I'd also make the (admittedly extreme) suggestion of getting the %#&* out of Texas. With a handful of small exceptions, it's not a welcoming place for gay people.

I'm sorry I don't have any better advice, but I genuinely do wish the both of you the best of luck.

*Hug*
posted by schmod at 8:17 PM on May 5, 2010


Your recap and questions have opened up so many questions for me. First, it is clear by your question and the previous question and comment to which you linked that you feel some sort of obligation to be your brother's protector, mentor, father figure, etc. I am trying to teach my children to be supportive of each other and to help each other, but I stop at the thought that they have an obligation for life to be anything other than a supportive friend/sibling. That does not extend to sex ed, to being a parent to them. Certainly, if he is incapable of functioning you should step in, but otherwise you are perpetuating his reliance on others by doing things for him he should be capable of doing himself.

Second, I would bet big money that if you told your mom and she had the terrible, outrageous, uncalled for reaction you described that in the heat of some moment she told your brother. He knows. His telling you is a way of reaching out to you for support. Take him out to dinner and bond over how your mom freaked when you each told her. Offer your guidance but tell him you are still unsettled on a lot of things yourself.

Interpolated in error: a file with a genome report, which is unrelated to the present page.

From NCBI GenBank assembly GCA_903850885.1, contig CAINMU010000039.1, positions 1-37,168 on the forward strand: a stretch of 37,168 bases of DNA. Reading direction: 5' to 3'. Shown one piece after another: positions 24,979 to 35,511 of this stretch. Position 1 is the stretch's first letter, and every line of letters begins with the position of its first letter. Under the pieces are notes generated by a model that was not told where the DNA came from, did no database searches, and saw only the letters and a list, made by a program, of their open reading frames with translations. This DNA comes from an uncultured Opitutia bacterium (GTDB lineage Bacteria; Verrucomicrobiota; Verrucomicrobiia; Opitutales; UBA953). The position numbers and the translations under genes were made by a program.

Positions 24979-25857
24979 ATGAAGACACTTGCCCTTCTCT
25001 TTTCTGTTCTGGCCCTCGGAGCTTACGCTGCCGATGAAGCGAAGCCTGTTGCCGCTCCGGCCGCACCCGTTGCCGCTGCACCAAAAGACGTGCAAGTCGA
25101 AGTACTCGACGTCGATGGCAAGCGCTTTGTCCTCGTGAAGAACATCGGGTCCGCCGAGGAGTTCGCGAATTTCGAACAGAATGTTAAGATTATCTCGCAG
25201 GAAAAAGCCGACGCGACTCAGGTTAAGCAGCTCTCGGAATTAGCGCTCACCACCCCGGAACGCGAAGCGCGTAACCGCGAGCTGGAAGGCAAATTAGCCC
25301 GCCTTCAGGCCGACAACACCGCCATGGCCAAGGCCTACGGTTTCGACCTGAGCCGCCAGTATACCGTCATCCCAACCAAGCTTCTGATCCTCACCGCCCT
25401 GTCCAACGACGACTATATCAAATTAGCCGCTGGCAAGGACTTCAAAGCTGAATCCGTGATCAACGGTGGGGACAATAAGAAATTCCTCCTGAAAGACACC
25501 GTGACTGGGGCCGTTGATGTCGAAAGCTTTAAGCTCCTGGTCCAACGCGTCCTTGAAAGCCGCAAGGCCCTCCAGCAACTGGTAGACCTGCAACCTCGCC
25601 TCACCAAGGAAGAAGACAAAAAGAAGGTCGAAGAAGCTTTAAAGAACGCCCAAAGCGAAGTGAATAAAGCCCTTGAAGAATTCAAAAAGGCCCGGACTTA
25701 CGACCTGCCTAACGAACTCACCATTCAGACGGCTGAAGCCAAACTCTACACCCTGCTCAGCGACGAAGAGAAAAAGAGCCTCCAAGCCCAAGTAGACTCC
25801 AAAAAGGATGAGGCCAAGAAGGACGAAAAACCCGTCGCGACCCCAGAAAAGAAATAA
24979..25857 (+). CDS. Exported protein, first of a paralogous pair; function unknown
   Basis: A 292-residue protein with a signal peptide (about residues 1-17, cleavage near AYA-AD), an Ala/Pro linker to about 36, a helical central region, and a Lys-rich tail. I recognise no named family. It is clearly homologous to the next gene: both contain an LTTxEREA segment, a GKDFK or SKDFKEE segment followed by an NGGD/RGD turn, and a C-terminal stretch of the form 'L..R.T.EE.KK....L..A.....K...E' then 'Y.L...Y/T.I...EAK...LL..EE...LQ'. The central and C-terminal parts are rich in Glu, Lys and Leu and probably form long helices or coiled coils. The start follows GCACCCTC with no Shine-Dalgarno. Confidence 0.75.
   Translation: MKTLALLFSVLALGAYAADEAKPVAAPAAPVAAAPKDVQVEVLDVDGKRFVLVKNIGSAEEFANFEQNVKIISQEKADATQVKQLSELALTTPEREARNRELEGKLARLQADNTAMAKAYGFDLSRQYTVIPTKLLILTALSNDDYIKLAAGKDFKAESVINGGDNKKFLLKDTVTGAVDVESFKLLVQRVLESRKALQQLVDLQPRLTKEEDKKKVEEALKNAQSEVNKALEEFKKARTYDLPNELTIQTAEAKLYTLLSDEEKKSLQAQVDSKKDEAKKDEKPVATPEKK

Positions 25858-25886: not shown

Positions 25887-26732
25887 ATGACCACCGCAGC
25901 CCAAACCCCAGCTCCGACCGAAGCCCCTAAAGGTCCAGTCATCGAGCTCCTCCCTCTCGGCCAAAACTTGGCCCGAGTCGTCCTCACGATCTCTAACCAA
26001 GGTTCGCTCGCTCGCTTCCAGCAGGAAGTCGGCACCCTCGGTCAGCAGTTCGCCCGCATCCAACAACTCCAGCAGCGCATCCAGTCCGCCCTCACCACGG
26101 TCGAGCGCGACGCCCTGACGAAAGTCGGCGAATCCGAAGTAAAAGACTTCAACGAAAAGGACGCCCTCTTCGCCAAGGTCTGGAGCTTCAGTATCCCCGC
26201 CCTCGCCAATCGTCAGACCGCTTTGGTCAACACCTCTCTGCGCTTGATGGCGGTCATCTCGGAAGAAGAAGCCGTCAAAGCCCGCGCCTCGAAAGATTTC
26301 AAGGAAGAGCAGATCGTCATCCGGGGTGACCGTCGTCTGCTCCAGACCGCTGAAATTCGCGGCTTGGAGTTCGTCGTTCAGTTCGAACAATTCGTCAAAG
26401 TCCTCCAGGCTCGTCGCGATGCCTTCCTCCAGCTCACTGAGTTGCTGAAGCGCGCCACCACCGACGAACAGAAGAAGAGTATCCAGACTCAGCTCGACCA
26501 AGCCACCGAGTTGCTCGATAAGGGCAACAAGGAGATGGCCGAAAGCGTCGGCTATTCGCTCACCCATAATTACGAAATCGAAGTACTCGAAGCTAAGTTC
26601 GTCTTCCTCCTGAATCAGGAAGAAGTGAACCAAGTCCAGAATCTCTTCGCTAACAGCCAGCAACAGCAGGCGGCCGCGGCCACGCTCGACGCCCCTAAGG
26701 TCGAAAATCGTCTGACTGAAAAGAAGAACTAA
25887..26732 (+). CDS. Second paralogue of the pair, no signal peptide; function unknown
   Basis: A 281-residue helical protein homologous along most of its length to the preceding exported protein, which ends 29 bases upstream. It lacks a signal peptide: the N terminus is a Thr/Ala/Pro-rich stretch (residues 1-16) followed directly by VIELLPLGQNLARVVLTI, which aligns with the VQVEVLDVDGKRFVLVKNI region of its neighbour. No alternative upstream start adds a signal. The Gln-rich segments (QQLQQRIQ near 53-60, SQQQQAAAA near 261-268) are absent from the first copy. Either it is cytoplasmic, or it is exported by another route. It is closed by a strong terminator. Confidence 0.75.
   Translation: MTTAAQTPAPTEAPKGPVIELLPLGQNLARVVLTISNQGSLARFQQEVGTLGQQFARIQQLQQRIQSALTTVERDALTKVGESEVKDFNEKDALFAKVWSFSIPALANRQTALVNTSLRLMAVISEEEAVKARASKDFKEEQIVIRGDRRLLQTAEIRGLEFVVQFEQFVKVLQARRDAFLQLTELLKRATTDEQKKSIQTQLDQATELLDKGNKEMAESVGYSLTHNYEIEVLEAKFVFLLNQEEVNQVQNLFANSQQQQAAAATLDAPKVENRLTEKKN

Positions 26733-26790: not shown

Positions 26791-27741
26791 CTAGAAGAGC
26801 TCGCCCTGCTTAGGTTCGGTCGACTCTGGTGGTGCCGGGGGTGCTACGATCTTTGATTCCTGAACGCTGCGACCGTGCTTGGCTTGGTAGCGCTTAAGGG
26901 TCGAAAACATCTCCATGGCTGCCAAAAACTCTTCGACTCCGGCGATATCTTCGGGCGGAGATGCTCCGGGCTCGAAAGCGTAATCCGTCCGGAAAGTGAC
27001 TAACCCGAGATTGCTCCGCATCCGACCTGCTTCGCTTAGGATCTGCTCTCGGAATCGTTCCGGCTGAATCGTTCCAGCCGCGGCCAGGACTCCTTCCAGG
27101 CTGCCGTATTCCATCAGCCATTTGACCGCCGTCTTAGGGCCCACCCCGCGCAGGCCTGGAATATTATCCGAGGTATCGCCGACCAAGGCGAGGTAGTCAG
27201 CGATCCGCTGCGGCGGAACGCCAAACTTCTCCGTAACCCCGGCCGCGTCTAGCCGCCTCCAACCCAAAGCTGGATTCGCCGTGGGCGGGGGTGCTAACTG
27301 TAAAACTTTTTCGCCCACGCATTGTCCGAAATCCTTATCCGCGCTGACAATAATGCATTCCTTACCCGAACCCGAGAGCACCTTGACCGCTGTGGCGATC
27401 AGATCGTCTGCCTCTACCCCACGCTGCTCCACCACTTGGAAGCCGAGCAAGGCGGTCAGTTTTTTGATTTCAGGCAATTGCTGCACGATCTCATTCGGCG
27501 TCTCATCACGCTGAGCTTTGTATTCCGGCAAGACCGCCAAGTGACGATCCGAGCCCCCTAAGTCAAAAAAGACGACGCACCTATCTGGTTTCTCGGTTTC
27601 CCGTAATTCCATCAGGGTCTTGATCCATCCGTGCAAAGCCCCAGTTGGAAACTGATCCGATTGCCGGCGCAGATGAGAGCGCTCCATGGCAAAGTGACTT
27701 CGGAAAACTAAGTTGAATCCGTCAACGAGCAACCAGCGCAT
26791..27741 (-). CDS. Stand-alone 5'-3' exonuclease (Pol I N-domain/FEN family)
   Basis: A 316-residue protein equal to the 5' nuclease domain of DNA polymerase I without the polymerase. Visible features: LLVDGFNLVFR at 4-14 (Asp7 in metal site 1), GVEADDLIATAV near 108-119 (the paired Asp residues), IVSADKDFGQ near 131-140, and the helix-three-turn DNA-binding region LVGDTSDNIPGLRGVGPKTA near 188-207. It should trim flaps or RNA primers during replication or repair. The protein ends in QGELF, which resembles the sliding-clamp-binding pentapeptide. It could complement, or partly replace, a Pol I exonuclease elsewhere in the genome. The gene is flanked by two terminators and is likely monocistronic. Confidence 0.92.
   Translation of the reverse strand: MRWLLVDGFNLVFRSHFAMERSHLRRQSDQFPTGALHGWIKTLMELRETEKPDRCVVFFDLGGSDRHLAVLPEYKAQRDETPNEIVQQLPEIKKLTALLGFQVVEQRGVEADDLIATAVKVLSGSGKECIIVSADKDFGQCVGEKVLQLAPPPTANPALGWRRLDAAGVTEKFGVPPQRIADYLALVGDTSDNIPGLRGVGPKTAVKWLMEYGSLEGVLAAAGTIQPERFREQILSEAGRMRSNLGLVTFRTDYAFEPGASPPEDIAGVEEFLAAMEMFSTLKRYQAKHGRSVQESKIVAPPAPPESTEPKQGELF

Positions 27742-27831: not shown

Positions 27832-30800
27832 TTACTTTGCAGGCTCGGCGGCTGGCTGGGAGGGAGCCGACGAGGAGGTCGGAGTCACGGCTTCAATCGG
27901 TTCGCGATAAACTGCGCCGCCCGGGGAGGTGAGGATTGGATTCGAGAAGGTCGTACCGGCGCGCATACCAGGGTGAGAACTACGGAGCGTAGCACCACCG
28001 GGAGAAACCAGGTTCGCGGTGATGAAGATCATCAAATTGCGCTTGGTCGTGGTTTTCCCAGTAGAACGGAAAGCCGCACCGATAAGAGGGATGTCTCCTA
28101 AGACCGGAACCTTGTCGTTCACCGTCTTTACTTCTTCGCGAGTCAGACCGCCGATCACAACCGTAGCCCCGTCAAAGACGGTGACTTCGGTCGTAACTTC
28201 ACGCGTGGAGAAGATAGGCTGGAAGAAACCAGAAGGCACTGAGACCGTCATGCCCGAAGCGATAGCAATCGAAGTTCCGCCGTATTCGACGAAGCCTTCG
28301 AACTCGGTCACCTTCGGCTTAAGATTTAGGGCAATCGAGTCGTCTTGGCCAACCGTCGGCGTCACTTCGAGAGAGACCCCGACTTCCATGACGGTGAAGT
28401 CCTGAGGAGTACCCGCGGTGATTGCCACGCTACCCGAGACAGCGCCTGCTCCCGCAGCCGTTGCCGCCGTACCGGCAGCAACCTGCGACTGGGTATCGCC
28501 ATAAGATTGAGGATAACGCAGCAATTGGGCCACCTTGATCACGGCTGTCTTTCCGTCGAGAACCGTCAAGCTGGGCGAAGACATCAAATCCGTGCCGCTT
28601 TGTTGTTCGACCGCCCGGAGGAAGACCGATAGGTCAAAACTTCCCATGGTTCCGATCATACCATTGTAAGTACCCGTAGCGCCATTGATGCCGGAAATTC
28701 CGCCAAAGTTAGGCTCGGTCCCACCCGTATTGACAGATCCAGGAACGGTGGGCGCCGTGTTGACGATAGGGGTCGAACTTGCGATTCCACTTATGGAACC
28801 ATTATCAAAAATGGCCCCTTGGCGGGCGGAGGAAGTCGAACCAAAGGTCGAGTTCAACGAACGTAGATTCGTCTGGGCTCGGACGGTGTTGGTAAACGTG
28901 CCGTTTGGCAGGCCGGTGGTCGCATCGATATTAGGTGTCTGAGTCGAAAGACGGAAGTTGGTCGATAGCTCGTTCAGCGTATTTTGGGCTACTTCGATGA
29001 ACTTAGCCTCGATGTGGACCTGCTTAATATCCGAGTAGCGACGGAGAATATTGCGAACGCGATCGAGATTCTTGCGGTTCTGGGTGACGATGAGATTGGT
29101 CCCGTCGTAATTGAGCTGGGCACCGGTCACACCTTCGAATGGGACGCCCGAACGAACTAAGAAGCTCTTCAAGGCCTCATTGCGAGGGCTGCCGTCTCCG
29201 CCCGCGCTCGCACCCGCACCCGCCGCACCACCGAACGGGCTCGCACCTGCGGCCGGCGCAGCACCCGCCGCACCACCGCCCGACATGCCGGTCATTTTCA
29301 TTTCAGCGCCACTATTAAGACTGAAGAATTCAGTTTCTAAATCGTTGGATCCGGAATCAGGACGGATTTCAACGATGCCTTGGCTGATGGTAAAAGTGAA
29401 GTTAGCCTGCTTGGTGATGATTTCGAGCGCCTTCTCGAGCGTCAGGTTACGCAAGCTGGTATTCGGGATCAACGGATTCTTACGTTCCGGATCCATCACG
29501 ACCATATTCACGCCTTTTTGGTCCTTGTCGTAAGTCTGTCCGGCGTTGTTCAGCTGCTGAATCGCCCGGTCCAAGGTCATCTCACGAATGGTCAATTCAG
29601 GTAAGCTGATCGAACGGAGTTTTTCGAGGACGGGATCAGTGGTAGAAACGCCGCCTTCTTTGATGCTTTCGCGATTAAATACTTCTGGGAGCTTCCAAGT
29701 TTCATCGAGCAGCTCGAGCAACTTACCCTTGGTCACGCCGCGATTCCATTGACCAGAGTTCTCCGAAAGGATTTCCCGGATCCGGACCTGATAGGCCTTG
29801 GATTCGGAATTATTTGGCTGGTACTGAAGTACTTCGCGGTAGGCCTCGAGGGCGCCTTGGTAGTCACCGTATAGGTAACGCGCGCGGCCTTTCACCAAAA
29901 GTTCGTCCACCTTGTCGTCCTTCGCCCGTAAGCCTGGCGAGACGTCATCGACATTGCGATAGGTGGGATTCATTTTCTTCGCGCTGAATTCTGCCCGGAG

Third, why have you not told him? I have to say it is odd that your would tell your mother who you know to be 100% unaccepting of homosexuals yet your did not tell your brother with whom you seem to have and want to have a good relationship. It is such a vital part of who you are and you have withheld it. If I were him I would be hurt when you do tell him (do tell him).

Fourth, this should be a wakeup call to yourself. Reading your question again, it is clearly about you not your brother. You have yet to come to terms. I strongly urge you to get help. Maybe even family counseling with your brother.

Fuck the sex talk. How about just having a brother to brother, two people who care about each other and want to support each other who share so many common experiences talk?

Your brother is lucky to have such a supportive brother as you. But, know that you are lucky to have him as he has brought to light unresolved issues in your life. Good luck. Godspeed John Glenn.
posted by JohnnyGunn at 8:44 PM on May 5, 2010 [3 favorites]


Anecdote from a book I read (Other Side of Paradise by Staceyann Chin): In her memoirs, the author talks about realizing she's a lesbian, and wanting to tell her best friend, who is like a sister to her. One day, when Staceyann is about 23 and her best friend, Raquel, is 18 (if I remember correctly), Raquel says to her: "Stacey, I think I'm gay!" Staceyann says, "Raquel, WHAT did you say?" and she eventually says, "That makes two of us on this island!" (Jamaica. Now there's a very unfriendly place to be LGBTQ.) Obviously it won't happen exactly this way with you and your brother, but really, it's going to be ok to tell your brother you're gay. Maybe you feel like there will be expectations for you to know all about the gay experience and bestow your wisdom upon him, and you feel like you'll come up short. Just be honest, and yourself, and don't beat yourself up too hard. And really, love your wonderful gay self, ok? You deserve it. And re: giving the sex talk - have you heard of Scarleteen? You might want to check out some of their resources, or post a question to the message boards - they are AWESOME.